It remains to consider the question: if a desire to rehabilitate a belief in the apokatastasis is indeed a fad, why does it arise in our culture now? A full response cannot be attempted at the end of an already over-long article. But I think that is not unrelated to our culture’s loss of its sense of sin. As mentioned over a century ago by C.S. Lewis, the modern West has lost its sense of sin. In ancient times, all men, be they Jew, pagan, or Christian, believed that they stood guilty before the divine judgment seat. That is not to say that there was no cause for theodicy, but at very least one felt shame for one’s own sins. Thus when Christ said in passing that men were evil [Greek poneros; Matthew 7:11], no one batted an eye, for everyone knew it was true. We no longer believe that, and so (in Lewis’ famous phrase) we have put God in the dock, with ourselves as His judges. In this frame of mind the very existence of hell is a stumbling block, and something which cries out for justification, if not revision. There is a place for considering and explaining how the existence of hell is consistent with God’s love. But we set ourselves up to err if we do not first feel the shame for our own sins, and proceed from there.
Next: The Morality of Gehenna
I have been thinking recently about the phrase “The gates of hell are barred from the inside” I heard years ago.
Does this accord with Orthodox teaching?
The Orthodox Churches in my New Zealand town seem to have evaporated and so I attend decent Anglican services, and wonder if I’m catching all the differences in interpretation. I’d appreciate it if you would allow me to continue to receive your messages?
Yes, I believe CS Lewis’ comment that the doors of hell are locked from the inside accords with our teaching–i.e. that the damnation of the lost is not because God refuses to forgive the penitent, but rather because the lost refuse to/ cannot repent.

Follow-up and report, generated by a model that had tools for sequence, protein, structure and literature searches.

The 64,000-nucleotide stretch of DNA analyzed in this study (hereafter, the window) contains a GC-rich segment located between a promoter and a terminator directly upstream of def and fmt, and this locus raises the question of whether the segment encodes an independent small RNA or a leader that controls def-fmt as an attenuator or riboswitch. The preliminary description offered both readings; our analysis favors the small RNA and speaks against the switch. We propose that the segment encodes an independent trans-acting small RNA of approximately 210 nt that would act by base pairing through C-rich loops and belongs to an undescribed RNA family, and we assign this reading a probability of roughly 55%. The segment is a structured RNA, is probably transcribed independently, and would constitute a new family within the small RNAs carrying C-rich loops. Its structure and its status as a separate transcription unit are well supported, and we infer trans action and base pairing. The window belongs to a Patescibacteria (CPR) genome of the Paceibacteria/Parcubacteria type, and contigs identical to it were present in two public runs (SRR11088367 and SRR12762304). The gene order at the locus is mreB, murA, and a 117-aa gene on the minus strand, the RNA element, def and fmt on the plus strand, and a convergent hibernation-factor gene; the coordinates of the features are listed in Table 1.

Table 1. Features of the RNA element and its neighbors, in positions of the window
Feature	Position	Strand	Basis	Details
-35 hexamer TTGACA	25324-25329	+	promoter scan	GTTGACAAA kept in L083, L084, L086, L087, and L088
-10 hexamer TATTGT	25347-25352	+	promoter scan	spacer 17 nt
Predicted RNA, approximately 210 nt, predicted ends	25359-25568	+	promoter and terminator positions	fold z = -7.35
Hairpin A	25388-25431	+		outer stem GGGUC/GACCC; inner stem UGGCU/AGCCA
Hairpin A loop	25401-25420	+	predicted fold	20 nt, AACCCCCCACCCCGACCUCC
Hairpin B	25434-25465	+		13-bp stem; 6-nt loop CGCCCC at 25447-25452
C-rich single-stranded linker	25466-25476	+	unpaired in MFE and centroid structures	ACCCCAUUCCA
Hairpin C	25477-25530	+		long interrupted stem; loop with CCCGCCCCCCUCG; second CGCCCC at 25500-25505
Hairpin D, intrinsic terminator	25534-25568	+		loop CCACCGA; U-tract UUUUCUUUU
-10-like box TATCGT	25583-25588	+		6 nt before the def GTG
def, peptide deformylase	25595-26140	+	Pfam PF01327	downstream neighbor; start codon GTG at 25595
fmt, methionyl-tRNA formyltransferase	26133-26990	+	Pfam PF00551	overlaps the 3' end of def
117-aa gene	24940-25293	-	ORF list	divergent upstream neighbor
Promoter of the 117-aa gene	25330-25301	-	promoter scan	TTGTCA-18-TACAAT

You mention that the damned may remain in their torment because they “cannot repent.” I may misunderstand the intention behind this statement, but it seems to have disturbing implications. For instance, would not a person who “cannot repent” be in hell against their will?
Cameron: I would answer your question by saying both yes and no. The path to forgiveness/ out of hell involves the willingness to repent. If they do not repent or cannot repent, there is no escape from hell. They are in hell against their will, in that they would desire to leave and remain impenitent, but this is not possible.
Is it consistent with the Fathers and the Ecumenical Councils to believe that the fires of hell are eternal, one’s remaining in them eternally is conditional upon one’s remorse and repentance or lack thereof? C.S. Lewis draws this distinction in The Great Divorce and other writings.
Also, Metropolitan Hilarion Alfanayev has also written a book which, based on an exhaustive study of prayers for the departed and other liturgical texts of the church over the centuries, cautiously leaves the door open for the possibility of universal salvation. Would you care to comment on his views?
Andrew: Yes, I believe that the eternity of one’s damnation is dependent upon one’s continued impenitence. I will deal with this issue in my next blog. I have not read Metropolitan Hilarion’s book yet, so I cannot comment upon his views. I have heard that lately his views are more traditional. I look forward to reading what he has to say.
Excellent and in understandable language, Father!